Two U.S. business groups recently issued a report detailing how China has forged ahead with its industrial plan “Made in China 2025” despite recent international criticism and internal instructions for state media to tone down mentions.
They also provided suggestions for what U.S. trade delegates can negotiate during ongoing Sino–U.S. trade talks.
The U.S Chamber of Commerce and the American Chamber of Commerce in China, in a joint report dated Jan. 16 to the U.S. Trade Representative (USTR)’s office and first obtained by The Wall Street Journal, identified more than 100 regional government policies in 24 Chinese provinces that either “set targets, create rules, or provide normative guidance” for the industrial plan.
Beijing rolled out the “Made in China 2025” plan in May 2015 for the goal of transforming China into a high-tech powerhouse by 2025 by aggressively developing manufacturing in fields like information technology (IT), robotics, and semiconductors.
Findings about the industrial plan’s ambitions—documented in a Section 301 investigation conducted by the USTR in March 2018—prompted the U.S. administration to impose punitive tariffs on $250 billion worth of Chinese imports and precipitated the current trade war. The investigation concluded that the Chinese regime conducted state-sponsored theft and forced transfer of U.S. intellectual property.
Made in China 2025 Continues
The new Chambers of Commerce report concluded that regional government policies continue to pursue “a deep, concerted” campaign to “carry out and take advantage of incentives tied to Made in China 2025 plan.”
For instance, one of the policies is “Supporting the Development of the Robot Industry” issued by the provincial government of Anhui in July 2018. Under the policy, the Anhui government would provide financial incentives such as subsidies to Chinese firms involved in the robotics industry, in addition to offering companies tax reductions for carrying out research in robotics.
Another policy linked the industrial plan to China’s chief foreign policy project, “One Belt, One Road” (OBOR). The provincial government of Gansu, located in north-central China, issued a policy called “Gansu Action Plan for Made in China 2025” in June 2018. The action plan calls for “integrating Made in China 2025 with OBOR and take advantage of OBOR,” with the goal of transforming Gansu into “a communication hub providing services and support to central and western Asia, central and eastern Europe, and Mongolia.”
China launched the OBOR initiative in 2013 to build up geopolitical influence around the world by partnering with more than 60 countries across Asia, Europe, Africa, and Latin America on massive infrastructure projects.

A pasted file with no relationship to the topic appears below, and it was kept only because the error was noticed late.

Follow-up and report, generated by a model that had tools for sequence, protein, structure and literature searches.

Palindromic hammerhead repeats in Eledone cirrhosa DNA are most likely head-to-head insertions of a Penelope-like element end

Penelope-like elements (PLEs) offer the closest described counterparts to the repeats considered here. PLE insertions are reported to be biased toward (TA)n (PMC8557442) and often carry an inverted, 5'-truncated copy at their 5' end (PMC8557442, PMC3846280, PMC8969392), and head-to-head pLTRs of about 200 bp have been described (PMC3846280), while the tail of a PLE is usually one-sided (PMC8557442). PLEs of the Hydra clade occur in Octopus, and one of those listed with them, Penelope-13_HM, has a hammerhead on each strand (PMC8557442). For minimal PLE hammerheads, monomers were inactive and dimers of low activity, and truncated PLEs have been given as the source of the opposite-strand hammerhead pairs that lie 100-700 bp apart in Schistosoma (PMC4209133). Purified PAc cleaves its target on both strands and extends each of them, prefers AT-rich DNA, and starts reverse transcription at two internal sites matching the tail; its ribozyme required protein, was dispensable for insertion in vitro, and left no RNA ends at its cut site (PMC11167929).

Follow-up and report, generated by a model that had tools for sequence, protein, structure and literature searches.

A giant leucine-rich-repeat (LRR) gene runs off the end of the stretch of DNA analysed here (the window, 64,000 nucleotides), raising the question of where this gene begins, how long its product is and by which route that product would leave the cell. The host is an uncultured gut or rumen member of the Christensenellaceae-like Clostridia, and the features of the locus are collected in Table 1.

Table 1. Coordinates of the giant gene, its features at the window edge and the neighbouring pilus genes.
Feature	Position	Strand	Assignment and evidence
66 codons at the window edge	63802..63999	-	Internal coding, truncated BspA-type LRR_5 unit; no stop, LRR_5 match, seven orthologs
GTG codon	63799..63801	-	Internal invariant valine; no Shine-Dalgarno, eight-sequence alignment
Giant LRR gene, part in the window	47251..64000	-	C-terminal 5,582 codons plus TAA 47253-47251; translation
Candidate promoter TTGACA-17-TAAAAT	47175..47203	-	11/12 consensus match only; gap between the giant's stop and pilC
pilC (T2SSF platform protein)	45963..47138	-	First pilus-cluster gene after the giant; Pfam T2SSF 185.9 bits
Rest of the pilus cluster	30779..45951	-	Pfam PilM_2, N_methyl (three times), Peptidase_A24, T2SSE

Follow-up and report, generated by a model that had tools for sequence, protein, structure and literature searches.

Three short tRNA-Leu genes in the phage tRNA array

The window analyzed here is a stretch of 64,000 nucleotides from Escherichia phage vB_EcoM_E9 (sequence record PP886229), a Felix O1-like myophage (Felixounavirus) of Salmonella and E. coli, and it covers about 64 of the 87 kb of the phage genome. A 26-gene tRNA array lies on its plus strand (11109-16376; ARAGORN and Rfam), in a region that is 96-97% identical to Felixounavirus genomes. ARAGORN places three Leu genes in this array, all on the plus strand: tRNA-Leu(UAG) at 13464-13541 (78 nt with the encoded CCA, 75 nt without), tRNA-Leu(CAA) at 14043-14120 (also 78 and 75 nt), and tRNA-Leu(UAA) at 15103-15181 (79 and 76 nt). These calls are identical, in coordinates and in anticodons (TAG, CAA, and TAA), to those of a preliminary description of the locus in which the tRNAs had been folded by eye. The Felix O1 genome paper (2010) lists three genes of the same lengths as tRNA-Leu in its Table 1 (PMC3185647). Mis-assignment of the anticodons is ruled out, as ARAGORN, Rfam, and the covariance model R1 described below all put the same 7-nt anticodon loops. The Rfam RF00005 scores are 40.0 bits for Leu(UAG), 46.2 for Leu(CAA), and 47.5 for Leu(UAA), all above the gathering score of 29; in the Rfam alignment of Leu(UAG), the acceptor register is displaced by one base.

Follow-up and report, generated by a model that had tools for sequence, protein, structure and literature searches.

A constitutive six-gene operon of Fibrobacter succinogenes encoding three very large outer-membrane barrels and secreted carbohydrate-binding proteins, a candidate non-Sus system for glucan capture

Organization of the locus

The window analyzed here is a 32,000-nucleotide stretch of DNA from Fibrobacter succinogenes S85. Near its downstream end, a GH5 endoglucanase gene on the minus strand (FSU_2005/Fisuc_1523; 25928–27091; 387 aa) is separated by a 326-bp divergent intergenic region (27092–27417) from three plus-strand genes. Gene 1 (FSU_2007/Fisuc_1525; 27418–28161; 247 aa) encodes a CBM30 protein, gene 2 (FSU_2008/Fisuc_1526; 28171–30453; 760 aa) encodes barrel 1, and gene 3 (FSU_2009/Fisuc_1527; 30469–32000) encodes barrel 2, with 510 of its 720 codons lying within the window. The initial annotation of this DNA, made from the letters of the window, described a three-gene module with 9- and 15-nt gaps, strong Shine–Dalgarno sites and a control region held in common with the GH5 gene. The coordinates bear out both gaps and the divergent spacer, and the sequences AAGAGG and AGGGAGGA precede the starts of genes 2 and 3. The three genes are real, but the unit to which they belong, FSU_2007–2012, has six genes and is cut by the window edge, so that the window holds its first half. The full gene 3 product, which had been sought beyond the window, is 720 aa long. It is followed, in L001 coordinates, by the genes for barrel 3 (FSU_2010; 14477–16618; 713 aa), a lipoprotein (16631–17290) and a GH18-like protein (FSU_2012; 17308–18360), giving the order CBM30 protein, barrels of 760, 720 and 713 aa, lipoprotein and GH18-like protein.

The joint report explained that the U.S. Chamber of Commerce has continued to monitor China’s economic policies because of concerns raised about “Made in China 2025” in a 2017 report.
Titled “Made in China 2025: Global Ambitions Built on Local Protection,” the report explained how China’s industrial plan is different from other countries’ manufacturing plans, such as Germany’s Industry 4.0 for integrating automation and IT with manufacturing.
The 2017 report highlighted how under the plan, the Chinese regime provided state funding to Chinese companies to help them “promote their indigenous research and development capabilities, support their ability to acquire technology from abroad, and enhance their overall competitiveness.”
It was part of a broader strategy to give China a competitive edge in technology sectors “on a global scale.”
The new joint report stated that members of the organizations “strongly support the Trump Administration’s Section 301 investigation, and the need to address endemic forced technology transfer and technology theft concerns with China.”
The two business groups especially highlighted the challenge U.S. companies face when doing business in China: China’s legal system provides little recourse in the event that Chinese authorities or commercial partners violate legal agreements or regulations.
After gathering extensive input from their collective members, the groups recommended three objectives to guide U.S. delegates in the ongoing trade talks.
First, the joint report stated negotiators should address structural issues in the Chinese economy “that result in unfair competition and non-market outcomes,” including the aforementioned discriminatory policies and subsidies—but also topics less often in the limelight, such as hefty taxes enacted by different level of government; biased bidding processes; and delays in approving patents filed by foreign entities.
These “are harming U.S. companies, workers, and consumers,” the report said.
Second, the two business groups urged U.S. negotiators to push for China to eliminate policies that require technology transfer as a condition for doing business in China.
Third, it called on trade negotiators to persuade China to remove “all forms of localization policies,” such as China’s data localization regulations that require companies to store all “important data” and “critical information infrastructure” on servers inside China. The joint report argued that these policies “limit access” to the Chinese market for U.S. digital products and services.